The bit on the right is a kimberwick (also called a "kimblewick" just about everywhere but the USA). It is a leverage bit with different loops or slots for the reins to attach with a varying degree, therefore it is not a snaffle and rather falls under the pelham category of bits.


Also called a "hanging cheek" snaffle, the baucher (pronounced bow-shur) is a very mild cheek piece that looks like a leverage bit to the untrained eye. It is the only cheek piece that, when used in its intended manner, relieves poll pressure on the horse (see the Neue Schule Poll Pressure Guide). This is a great choice for any horse with a sensitive head/mouth and is often seen with ported mouthpieces to provide optimum tongue relief without risking contact with the palate, given the way that this cheek piece positions the mouthpiece in the horse's mouth. My horse and I are quite fond of the baucher bit we use and you can see the negative tension in the cheek pieces when you increase pressure from the reins.

The bit on the right is a "butterfly pelham", which falls into the pelham category if used correctly with a curb chain, elsewise falls into the elevator category. Theoretically, of course, like the other pelhams/gags/elevator class bits, this would function as a snaffle if the reins were connected only to the cheek piece ring that is at the same level as the mouthpiece.

Unique Snaffles

Below are a few uncommon snaffle types that may be identified as driving bits.

Four Ring Snaffle:

This bit is gaining popularity in the showjumping arena. It is a loose ring snaffle that is suspended in the mouth by another loose ring of equal size that is not connected to the mouthpiece but supports it. The bridle is connected to the inner "floating" rings on either side and the reins are connected to the outer rings (running through the ends of the mouthpiece). What makes this bit's action unique and a bit more harsh than a traditional loose ring snaffle:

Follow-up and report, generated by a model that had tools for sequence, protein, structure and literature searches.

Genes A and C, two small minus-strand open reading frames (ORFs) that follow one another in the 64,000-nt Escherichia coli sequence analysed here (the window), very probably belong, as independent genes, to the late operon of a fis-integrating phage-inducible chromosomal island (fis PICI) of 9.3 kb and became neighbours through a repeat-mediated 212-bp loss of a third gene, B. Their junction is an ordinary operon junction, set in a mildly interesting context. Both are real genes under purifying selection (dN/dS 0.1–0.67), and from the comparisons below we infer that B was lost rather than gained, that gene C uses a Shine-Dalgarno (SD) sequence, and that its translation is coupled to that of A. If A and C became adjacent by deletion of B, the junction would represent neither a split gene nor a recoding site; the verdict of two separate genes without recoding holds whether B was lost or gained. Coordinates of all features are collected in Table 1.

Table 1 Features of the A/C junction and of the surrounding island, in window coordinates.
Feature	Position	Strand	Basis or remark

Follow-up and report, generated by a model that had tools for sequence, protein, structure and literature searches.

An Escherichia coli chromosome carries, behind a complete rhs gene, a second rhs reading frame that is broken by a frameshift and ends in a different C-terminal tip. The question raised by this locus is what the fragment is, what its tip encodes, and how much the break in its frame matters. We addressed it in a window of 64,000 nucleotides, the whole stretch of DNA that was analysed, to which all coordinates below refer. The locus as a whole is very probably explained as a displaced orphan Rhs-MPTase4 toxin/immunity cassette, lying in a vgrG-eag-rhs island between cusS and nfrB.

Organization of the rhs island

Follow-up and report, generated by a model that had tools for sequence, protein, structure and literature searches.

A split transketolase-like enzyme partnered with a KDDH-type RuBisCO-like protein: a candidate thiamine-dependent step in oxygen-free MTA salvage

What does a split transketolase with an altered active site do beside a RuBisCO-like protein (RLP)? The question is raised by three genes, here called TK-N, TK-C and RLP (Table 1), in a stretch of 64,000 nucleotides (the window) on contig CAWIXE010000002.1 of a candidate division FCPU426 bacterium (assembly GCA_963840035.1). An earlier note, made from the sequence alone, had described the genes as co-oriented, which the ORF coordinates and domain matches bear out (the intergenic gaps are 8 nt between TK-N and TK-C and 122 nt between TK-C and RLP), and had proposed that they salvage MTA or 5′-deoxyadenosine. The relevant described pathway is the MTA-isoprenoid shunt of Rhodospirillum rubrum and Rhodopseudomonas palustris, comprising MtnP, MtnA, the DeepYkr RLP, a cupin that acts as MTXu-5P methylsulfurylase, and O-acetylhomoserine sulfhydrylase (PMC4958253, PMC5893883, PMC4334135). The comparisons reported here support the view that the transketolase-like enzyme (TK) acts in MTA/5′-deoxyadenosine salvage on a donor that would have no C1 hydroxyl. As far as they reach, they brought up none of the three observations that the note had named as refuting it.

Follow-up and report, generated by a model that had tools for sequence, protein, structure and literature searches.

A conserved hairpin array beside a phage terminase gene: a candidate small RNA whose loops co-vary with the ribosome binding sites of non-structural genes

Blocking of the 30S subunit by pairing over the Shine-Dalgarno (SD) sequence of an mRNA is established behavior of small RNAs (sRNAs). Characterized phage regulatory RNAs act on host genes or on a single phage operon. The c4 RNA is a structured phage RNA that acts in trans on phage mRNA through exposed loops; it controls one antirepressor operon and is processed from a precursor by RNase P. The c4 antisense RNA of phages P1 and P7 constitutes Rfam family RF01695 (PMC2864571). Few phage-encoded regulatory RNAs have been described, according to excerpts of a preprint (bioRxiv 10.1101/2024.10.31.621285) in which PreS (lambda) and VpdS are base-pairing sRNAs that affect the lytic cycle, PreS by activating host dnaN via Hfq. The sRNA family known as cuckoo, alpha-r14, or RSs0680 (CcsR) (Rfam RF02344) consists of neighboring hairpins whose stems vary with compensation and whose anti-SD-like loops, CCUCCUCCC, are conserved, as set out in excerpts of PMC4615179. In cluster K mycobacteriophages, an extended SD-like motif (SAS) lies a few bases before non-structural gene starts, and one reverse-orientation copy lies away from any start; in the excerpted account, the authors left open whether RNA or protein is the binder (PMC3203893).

• Without rein tension, the mouthpiece can rotate freely, 360 degrees in the mouth

  • If the bit is jointed, this means the joints could be press on the palate

  • There is limited opposing force of the bridle so the working angle is different than a traditional loose ring and nearly all of the rein tension is translated directly to the horse's mouth.

  • High pinch potential at the corners of the mouth.


Also called a scourier or cornish snaffle, this bit looks quite similar to the four ring snaffle above but has a key difference - the inner rings run through the mouthpiece. These bits are traditionally made with a serrated single joint mouthpiece. This is a harsh bit with an intensified nutcracker effect and great care must be taken if ever using this bit, as it is very prone to pinching or cutting the horse's lips. Unlike the four ring snaffle, the mouthpiece cannot rotate freely in the horse's mouth.

Half Cheek:

Also called a "half spoon" bit, this looks awfully similar to a full cheek snaffle - and it is! This bit was designed with the same intentions as a full cheek, but with only half the cheek piece "prongs" as to reduce potential interference with the bridle and safety concerns. It is most commonly seen on driving horses, and may be seen fitted with a dexter ring.

The dexter ring or "ring bit" configuration is what I would call barely a snaffle. This is because the addition of the ring, which encircles the horse's lower jaw, attached to the jointed half cheek bit will create some leverage. There is a mechanical advantage the rider (or driver) now has on the horse's lower jaw due to the working angle of the bit it is attached to. This makes the bitting arrangement more severe - this is evident as jockeys will state it provides them with greater steering and stopping power. Of course, we know this is resolved with training, not with bits.

I hope this has been helpful! Drop a comment below with your thoughts / questions / comments :)

Do you use a snaffle on your horse?

  • Yes

  • No

  • Still not sure...